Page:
Preferably, the inner member is coupled to the outer member by engagement of at least one pin mounted on one of the inner and outer members, with at least one complementary profiled path in the other of said inner and outer members. Morepreferably, the inner member is coupled to the outer member by engagement of at least one pin on the outer surface of the inner member with at least one complementary profiled path or track on an inner surface of the outer member. In a preferredembodiment, a plurality of pins are provided on the inner member which respectively engage complementary profiled paths in the outer member. Thus, by moving the inner member relative to the outer member, the at least one pin may be moved within thecorresponding profiled path in order to reconfigure the drilling apparatus. Preferably, the apparatus is arranged such that, in the first configuration, the relative rotational orientation of the inner member and the outer member, including the offsetportion, is known. This may be achieved by any appropriate mechanism, for example when pins or followers on one member engage paths or tracks on the other member, these may be arranged such that the pins or followers will only engage with a selectedtrack or groove. In a preferred embodiment, one of the pins or followers may be longer than the others, and only a selected one of the paths or tracks may have a lead-in which will accommodate the longer pin.

This preferred arrangement offers the advantage that, in the first configuration, the relative orientation of the outer member, including the offset portion, to the inner member, and thus to the drill string, and the associated bottom holeassembly (BHA), will always be the same. As the BHA conventionally includes MWD apparatus, this existing MWD apparatus may be utilised to determine the orientation of the offset. Thus, the apparatus does not require the provision of dedicated MWDapparatus, or other orientation sensors, with a considerable saving in the costs of producing, using and maintaining the apparatus.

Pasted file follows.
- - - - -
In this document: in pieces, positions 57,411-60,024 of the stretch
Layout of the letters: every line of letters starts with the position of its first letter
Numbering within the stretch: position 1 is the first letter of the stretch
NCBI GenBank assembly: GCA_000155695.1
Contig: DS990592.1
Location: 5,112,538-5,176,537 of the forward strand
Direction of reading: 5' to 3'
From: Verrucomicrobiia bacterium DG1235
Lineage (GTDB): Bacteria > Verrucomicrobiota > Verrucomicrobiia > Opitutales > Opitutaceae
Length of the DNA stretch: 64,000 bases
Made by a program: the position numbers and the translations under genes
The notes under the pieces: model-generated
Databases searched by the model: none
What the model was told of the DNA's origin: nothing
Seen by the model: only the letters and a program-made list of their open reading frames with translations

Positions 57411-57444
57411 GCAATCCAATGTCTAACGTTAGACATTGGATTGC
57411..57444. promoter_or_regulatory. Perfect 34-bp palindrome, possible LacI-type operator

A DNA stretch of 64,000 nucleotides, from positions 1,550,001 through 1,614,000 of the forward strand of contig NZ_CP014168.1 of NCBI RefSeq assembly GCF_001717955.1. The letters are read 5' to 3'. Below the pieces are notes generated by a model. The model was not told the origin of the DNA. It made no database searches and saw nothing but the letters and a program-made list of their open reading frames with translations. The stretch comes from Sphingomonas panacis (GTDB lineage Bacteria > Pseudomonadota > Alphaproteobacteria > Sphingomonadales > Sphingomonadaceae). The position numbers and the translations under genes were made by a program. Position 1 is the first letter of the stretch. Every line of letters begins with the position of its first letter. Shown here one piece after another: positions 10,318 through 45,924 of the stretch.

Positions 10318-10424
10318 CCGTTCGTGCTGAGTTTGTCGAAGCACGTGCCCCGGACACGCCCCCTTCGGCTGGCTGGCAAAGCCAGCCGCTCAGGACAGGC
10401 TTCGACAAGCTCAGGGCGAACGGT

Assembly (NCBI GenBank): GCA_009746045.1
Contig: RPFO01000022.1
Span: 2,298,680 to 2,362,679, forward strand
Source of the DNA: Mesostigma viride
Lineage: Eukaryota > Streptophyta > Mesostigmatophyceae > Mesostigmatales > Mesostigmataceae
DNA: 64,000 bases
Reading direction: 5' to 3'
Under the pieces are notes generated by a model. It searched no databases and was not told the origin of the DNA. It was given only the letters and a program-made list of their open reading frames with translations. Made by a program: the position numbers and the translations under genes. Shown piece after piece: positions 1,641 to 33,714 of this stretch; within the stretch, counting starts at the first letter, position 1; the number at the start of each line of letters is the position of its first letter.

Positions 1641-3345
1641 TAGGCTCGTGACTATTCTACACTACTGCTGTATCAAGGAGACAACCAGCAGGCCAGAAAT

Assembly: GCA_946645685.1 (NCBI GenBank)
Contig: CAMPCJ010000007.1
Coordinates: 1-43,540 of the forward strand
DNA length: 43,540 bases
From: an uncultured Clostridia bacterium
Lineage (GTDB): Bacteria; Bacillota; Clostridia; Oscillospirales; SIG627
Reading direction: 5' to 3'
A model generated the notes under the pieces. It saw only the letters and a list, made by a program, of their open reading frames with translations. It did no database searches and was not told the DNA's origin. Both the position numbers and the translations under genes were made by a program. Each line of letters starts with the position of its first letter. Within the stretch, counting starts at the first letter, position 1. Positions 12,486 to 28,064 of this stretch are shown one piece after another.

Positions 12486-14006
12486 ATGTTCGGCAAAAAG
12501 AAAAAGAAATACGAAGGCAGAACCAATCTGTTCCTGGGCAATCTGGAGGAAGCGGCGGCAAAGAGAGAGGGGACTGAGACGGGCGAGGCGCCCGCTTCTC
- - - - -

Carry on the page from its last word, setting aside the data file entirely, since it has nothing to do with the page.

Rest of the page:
Preferably, in a third configuration, with weight applied to the apparatus, the gripping means is retracted and the drill bit is coaxially aligned with said portion of the outer member, and the inner member is coupled to the outer member suchthat rotation of the drill string provides for corresponding rotation of the inner and outer members, and the drill bit. The third configuration may thus be utilised for fixed trajectory or non-deviated rotary drilling. This arrangement is favourableas during fixed trajectory drilling the drill bit is coaxially aligned with the outer member, which eliminates the additional drilling forces and stresses which would otherwise be experienced by an offset drill bit rotating about an offset axis.

Preferably, the first configuration may be attained when the apparatus is lifted off bottom.

Preferably, the second configuration is attained with weight applied to the apparatus.

Preferably, the apparatus is adapted to move between configurations sequentially, in response to the application and lifting of weight to and from the apparatus. In a preferred embodiment, the apparatus may be cycled from the firstconfiguration, to the second configuration, to the third configuration, and then to the first configuration.

The gripping means may take any appropriate form. Preferably, the gripping means are weight actuated, that is the gripping means extend and retract in response to weight being applied to or lifted from the apparatus. The gripping means maycomprise radially movable members which engage movable cams or the like, but preferably comprise axially extending members which buckle or bow outwards on compression thereof. The members may carry ridges, teeth, or other profiles adapted to grip thebore wall to prevent rotation but to permit axial sliding. In other embodiments the gripping means may be fluid pressure actuated. Preferably, the gripping means is biased towards the retracted position.